• The Hit Ratio intuitively measures whether the test item is present on the top-10 list, and the Normalized Discounted Cumulative Gain accounts for the position of the hit by assigning higher scores to hits at top ranks
    Methods
    • (12) where pGu and pM u denote the user embedding for GMF and MLP parts, respectively; and similar notations of qGi and qM i for item embeddings.
    • The authors use ReLU as the activation function of MLP layers.
    • This model combines the linearity of MF and non-linearity of DNNs for modelling user–item latent structures.
    Results
    • Evaluation Protocols

      To evaluate the performance of item recommendation, the authors adopted the leave-one-out evaluation, which has been widely used in literature [1, 14, 27].
    • The HR intuitively measures whether the test item is present on the top-10 list, and the NDCG accounts for the position of the hit by assigning higher scores to hits at top ranks.
    • The authors calculated both metrics for each test user and reported the average score
    Conclusion
    • CONCLUSION AND FUTURE

      WORK

      In this work, the authors explored neural network architectures for collaborative filtering.
    • To build a multi-media recommender system, the authors need to develop effective methods to learn from multi-view and multi-modal data [13, 40].
    • Another emerging direction is to explore the potential of recurrent neural networks and hashing methods [46] for providing efficient online recommendation [14, 1]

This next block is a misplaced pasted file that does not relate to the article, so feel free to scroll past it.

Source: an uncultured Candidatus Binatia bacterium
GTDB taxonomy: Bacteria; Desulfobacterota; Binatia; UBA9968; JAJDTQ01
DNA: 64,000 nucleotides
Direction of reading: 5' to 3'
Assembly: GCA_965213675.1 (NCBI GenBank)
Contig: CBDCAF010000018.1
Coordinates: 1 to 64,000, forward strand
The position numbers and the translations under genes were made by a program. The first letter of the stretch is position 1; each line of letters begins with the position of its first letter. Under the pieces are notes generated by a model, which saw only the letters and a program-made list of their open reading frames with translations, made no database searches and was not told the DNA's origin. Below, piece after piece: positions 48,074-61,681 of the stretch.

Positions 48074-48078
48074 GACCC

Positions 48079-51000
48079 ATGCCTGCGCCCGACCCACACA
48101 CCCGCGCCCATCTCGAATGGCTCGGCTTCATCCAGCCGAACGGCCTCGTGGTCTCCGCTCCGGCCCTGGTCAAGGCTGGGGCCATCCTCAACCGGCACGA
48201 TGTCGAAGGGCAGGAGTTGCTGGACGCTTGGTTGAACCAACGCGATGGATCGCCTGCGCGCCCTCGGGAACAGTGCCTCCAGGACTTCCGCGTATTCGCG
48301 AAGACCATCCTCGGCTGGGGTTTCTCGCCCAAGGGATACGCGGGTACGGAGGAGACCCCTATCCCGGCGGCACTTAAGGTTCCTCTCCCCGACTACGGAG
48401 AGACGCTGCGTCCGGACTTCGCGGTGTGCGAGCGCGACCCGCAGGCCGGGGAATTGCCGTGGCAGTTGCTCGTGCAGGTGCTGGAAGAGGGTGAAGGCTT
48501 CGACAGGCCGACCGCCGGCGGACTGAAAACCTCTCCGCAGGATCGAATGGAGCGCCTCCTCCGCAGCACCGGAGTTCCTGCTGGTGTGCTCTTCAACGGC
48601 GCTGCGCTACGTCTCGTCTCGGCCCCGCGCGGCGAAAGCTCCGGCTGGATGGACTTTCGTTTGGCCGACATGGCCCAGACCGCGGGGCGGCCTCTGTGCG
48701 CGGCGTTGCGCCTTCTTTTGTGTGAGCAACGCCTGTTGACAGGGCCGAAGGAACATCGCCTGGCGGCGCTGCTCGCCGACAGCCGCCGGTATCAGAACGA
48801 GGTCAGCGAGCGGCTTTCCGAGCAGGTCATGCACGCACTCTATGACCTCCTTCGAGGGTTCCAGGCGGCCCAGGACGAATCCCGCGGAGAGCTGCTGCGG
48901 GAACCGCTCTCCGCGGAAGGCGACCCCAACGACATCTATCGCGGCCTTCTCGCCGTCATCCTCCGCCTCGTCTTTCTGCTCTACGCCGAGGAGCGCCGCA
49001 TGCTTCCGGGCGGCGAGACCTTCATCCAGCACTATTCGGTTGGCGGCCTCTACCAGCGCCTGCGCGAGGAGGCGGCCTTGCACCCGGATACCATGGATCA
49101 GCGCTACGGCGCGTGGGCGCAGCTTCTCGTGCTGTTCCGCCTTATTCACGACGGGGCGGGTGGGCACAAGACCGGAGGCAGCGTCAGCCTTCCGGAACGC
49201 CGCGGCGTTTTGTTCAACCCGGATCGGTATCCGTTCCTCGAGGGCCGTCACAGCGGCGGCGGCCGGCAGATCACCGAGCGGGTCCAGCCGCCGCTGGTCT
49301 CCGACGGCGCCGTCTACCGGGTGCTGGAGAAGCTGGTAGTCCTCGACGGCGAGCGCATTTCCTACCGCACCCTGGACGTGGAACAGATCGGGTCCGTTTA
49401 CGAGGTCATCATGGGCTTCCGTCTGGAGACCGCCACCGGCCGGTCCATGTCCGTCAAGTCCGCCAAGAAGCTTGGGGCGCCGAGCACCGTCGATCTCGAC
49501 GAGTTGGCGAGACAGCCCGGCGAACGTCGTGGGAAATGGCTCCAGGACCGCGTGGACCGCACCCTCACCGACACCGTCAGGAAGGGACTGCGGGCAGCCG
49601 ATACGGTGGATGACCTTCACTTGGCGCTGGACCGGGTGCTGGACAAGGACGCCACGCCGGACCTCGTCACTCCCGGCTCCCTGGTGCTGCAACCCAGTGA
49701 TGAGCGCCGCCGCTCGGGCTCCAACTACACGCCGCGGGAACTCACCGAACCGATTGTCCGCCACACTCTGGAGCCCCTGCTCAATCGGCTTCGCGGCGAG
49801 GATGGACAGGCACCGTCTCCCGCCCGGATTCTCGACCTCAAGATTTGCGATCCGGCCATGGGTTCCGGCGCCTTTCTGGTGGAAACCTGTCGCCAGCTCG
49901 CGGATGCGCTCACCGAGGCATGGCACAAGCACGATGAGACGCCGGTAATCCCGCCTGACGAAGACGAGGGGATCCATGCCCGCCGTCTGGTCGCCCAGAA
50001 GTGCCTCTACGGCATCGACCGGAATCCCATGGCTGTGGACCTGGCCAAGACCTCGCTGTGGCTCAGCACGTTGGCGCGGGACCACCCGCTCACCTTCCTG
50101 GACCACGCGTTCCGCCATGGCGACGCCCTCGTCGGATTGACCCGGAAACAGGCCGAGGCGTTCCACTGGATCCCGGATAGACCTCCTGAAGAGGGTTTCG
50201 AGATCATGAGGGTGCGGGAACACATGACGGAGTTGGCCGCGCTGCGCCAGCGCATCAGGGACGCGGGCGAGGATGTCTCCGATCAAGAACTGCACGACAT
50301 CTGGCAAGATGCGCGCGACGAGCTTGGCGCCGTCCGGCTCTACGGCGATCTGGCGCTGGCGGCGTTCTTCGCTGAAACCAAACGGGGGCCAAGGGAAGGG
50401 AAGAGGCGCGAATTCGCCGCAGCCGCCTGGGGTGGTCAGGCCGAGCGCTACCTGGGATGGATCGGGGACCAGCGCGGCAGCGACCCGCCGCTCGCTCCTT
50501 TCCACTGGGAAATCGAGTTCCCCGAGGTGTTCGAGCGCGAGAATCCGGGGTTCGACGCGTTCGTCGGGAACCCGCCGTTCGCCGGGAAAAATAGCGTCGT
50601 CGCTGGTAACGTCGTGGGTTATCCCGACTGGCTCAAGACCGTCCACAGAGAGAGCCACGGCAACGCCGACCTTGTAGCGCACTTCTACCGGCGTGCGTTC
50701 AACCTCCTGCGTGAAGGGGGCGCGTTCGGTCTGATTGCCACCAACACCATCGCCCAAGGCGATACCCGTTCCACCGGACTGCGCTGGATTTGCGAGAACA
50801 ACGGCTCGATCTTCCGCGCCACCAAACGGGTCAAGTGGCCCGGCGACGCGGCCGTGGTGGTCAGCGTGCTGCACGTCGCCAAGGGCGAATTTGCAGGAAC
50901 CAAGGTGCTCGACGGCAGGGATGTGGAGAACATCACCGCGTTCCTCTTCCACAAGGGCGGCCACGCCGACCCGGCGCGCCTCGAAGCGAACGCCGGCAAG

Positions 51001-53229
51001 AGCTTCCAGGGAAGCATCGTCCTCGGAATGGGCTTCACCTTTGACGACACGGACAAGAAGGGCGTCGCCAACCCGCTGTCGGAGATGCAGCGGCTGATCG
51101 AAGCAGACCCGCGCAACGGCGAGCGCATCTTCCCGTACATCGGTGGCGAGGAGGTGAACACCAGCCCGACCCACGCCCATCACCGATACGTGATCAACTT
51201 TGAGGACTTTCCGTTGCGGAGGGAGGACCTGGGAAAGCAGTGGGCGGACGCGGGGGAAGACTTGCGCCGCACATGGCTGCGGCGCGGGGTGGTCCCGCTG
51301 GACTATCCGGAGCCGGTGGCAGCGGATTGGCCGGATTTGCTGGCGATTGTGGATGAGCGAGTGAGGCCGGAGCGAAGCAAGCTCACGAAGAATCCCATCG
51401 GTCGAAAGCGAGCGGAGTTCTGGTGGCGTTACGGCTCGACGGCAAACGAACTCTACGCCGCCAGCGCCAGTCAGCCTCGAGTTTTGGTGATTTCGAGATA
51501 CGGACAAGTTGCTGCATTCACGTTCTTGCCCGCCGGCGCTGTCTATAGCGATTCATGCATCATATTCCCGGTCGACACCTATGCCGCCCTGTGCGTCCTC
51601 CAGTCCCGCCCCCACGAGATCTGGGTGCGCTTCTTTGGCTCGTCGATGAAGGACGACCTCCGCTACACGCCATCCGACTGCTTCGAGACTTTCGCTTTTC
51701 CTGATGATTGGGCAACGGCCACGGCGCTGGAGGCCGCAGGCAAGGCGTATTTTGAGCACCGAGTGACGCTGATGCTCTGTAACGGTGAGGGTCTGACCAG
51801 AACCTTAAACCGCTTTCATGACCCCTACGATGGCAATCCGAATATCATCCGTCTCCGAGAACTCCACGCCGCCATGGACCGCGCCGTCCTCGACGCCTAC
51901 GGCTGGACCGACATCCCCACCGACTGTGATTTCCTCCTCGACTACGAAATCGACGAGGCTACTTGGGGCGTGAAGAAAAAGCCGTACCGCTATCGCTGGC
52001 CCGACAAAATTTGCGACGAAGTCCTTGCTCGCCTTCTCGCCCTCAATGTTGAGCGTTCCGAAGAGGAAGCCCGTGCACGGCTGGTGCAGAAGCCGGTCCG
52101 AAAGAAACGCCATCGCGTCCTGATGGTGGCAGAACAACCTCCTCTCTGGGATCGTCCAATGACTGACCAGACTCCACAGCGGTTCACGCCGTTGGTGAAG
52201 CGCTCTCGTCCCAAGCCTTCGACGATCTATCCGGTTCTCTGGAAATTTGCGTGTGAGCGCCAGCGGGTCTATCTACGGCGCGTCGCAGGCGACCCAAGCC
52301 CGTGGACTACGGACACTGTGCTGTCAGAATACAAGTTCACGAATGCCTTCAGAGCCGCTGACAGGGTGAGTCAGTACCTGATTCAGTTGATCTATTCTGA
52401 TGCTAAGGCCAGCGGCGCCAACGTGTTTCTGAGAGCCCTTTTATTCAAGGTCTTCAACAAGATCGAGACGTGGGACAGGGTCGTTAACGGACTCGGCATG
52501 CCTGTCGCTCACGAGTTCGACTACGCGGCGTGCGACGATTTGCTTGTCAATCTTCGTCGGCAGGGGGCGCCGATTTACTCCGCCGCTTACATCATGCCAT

Summary
    • Introduction:

      In the era of information explosion, recommender systems play a pivotal role in alleviating information overload, having been widely adopted by many online services, including E-commerce, online news and social media sites.
    • For the task of rating prediction on explicit feedback, it is well known that the performance of the MF model can be improved by incorporating user and item bias terms into the interaction function1
    • While it seems to be just a trivial tweak for the inner product operator [14], it points to the positive effect of designing a better, dedicated interaction function for modelling the latent feature interactions between users and items.
    • The inner product, which combines the multiplication of latent features linearly, may not be sufficient to capture the complex structure of user interaction data
    • Methods:

      (12) where pGu and pM u denote the user embedding for GMF and MLP parts, respectively; and similar notations of qGi and qM i for item embeddings.
    • The authors use ReLU as the activation function of MLP layers.